For instance, my latest sale is the culmination of both a business memoir and a nuts-and-bolts how-to book on Kickstarter and crowdfunding in general. I had been in touch with Jamey Stegmaier, author of PEOPLE NOT PAWNS (to be released in Fall 2015 by Berrett-Koehler), for some time. He had become so successful creating these awesome and compelling Kickstarter campaigns for his board games that he was able to quit his day job and pursue his lifelong dream. The book is relevant and timely because Jamey understands relationships and how they are leveraged differently on the social media and the internet, plus he’s the person who can best write a book like this because he has an established following, regularly blogs about Kickstarter and other crowdfunding platforms, and is living what he is practicing. I’m very excited about bringing this book to market.
On the flip side, what are major turnoffs when someone queries you?
It’s the simple things but you’d be surprised how often I encounter them:
- Grammatical errors
- No sense of where the book fits in the market
- Not understanding promotion and platform (especially for non-fiction)
- Inability to take constructive criticism
- Addressing the query to the wrong agent (this really did happen to me!)
The manuscript should be polished by the time you query. Have as many people that you trust read it, but also balance the feedback while staying true to your creative vision. There is such a thing as too much feedback.
Revisions are the hardest part. I will do several rounds of editing on a project if necessary, but by the time the manuscript gets to me it should be largely polished. I want the author to be happy with what they write. I am very much a collaborative person; I don’t want to push my ideas/thoughts onto the writer’s story to such a degree that the original vision is lost. However if you’ve written a memoir and you refuse to make any changes, well, that’s a problem and I’m probably not going to sign you as a writer when you have that kind of mentality. Like any relationship, an agent-writer relationship is a two-way street and you have to be able to communicate and have similar goals for the publication in order to make it work. Although the agent should worry about the business aspect, the smartest clients are also those who “get it” and put themselves out there by continually submitting their work to publications, broadening their platform and social influence, and constantly improving on their craft.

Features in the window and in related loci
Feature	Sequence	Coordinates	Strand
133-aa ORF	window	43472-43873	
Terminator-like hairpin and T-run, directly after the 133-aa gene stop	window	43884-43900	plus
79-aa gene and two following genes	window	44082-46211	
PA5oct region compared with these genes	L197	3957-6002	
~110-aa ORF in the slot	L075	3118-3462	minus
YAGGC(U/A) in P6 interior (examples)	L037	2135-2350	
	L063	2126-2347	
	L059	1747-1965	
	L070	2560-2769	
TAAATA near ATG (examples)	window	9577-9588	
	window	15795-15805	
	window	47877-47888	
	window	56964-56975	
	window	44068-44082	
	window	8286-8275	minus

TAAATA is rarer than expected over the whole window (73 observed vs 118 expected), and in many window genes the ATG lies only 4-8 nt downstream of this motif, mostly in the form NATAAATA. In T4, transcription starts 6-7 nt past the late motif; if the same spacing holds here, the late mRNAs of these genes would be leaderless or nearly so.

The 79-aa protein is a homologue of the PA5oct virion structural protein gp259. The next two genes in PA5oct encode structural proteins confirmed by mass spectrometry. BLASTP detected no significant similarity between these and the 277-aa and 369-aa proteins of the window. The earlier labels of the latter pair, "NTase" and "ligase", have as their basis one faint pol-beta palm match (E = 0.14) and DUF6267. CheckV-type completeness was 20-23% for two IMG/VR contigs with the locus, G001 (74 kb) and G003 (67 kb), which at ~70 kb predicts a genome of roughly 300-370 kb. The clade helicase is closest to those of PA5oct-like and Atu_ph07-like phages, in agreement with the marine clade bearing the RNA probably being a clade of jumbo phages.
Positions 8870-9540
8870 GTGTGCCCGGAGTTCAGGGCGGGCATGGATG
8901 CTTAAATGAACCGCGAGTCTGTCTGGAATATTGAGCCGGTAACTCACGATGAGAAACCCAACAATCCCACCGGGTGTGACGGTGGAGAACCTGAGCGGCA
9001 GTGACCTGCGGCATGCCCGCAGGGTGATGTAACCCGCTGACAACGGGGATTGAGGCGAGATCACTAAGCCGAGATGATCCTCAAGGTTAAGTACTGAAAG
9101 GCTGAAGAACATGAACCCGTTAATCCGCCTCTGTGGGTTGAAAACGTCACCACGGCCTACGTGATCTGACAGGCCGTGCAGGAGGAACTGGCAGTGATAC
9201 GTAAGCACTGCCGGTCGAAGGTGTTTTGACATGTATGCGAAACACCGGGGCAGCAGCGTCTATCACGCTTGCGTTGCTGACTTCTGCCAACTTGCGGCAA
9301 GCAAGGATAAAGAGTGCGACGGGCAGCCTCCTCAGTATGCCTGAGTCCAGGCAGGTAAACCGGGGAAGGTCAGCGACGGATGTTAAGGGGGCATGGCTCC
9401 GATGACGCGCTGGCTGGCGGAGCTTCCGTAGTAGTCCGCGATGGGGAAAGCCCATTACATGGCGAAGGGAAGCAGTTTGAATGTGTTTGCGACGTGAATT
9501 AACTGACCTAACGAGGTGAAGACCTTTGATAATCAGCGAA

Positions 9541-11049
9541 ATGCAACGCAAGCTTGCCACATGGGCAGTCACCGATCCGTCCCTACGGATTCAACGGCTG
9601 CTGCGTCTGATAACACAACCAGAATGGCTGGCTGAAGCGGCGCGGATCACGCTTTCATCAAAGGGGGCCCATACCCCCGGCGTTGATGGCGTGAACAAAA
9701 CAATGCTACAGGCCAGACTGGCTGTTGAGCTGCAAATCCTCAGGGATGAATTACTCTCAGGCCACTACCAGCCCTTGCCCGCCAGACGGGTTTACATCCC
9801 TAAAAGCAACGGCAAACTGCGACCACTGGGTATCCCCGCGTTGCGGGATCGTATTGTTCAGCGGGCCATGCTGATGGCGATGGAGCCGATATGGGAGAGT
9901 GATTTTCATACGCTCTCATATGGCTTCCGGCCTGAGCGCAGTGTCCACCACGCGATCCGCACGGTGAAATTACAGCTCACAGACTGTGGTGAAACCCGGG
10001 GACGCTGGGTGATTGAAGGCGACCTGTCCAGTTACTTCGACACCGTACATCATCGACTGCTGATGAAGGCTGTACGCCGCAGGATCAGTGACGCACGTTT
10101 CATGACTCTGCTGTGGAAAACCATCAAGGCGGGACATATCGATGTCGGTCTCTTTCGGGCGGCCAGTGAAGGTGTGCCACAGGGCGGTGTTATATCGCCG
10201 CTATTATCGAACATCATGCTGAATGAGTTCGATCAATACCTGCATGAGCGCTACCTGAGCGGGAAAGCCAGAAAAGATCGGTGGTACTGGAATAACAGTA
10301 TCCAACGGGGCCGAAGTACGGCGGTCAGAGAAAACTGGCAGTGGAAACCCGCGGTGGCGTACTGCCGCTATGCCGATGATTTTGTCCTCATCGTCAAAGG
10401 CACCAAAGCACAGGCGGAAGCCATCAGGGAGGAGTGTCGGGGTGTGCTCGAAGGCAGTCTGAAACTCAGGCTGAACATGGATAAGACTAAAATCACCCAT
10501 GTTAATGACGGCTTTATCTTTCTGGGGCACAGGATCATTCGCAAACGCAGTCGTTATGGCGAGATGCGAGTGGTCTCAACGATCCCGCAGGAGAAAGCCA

What do you wish aspiring authors would do better?
Again, work on your craft! Workshop your stories and focus on story-crafting. Do not be an isolated writer. Give-and-take is really important in developing a great story. You can’t be afraid to share your work and get exposure for your ideas. It makes your story stronger in the long run.
Another biggie – build your platform both off and online. Use social media outlets such as Twitter and Facebook and not in a self-serving way. You can’t only tweet ‘Buy my book, buy my book’ and expect to gain followers. You have to create and give something of value in order for others to want to interact with you. It can be as simple as saying something funny or interesting.
What are you looking for right now in submissions and not getting? Are there any subjects or genres that are near and dear to your heart? What are you getting too much of?
I am getting a lot of non-fiction and genre fiction. I’m not against vampire stories but I do think that that area is a bit over-saturated and a bit passé now.
I would like to see more fiction projects especially from writers who have lived abroad. They have a wider perspective and they tend to write about themes I care about such as otherness and finding one’s place in the world. I also am interested in anything entrepreneurial and non-fiction projects that deal with social entrepreneurship.
If you’d like to query me, please send a query letter along with the first 50 pages of your manuscript to: Jennifer@penumbraliterary.com.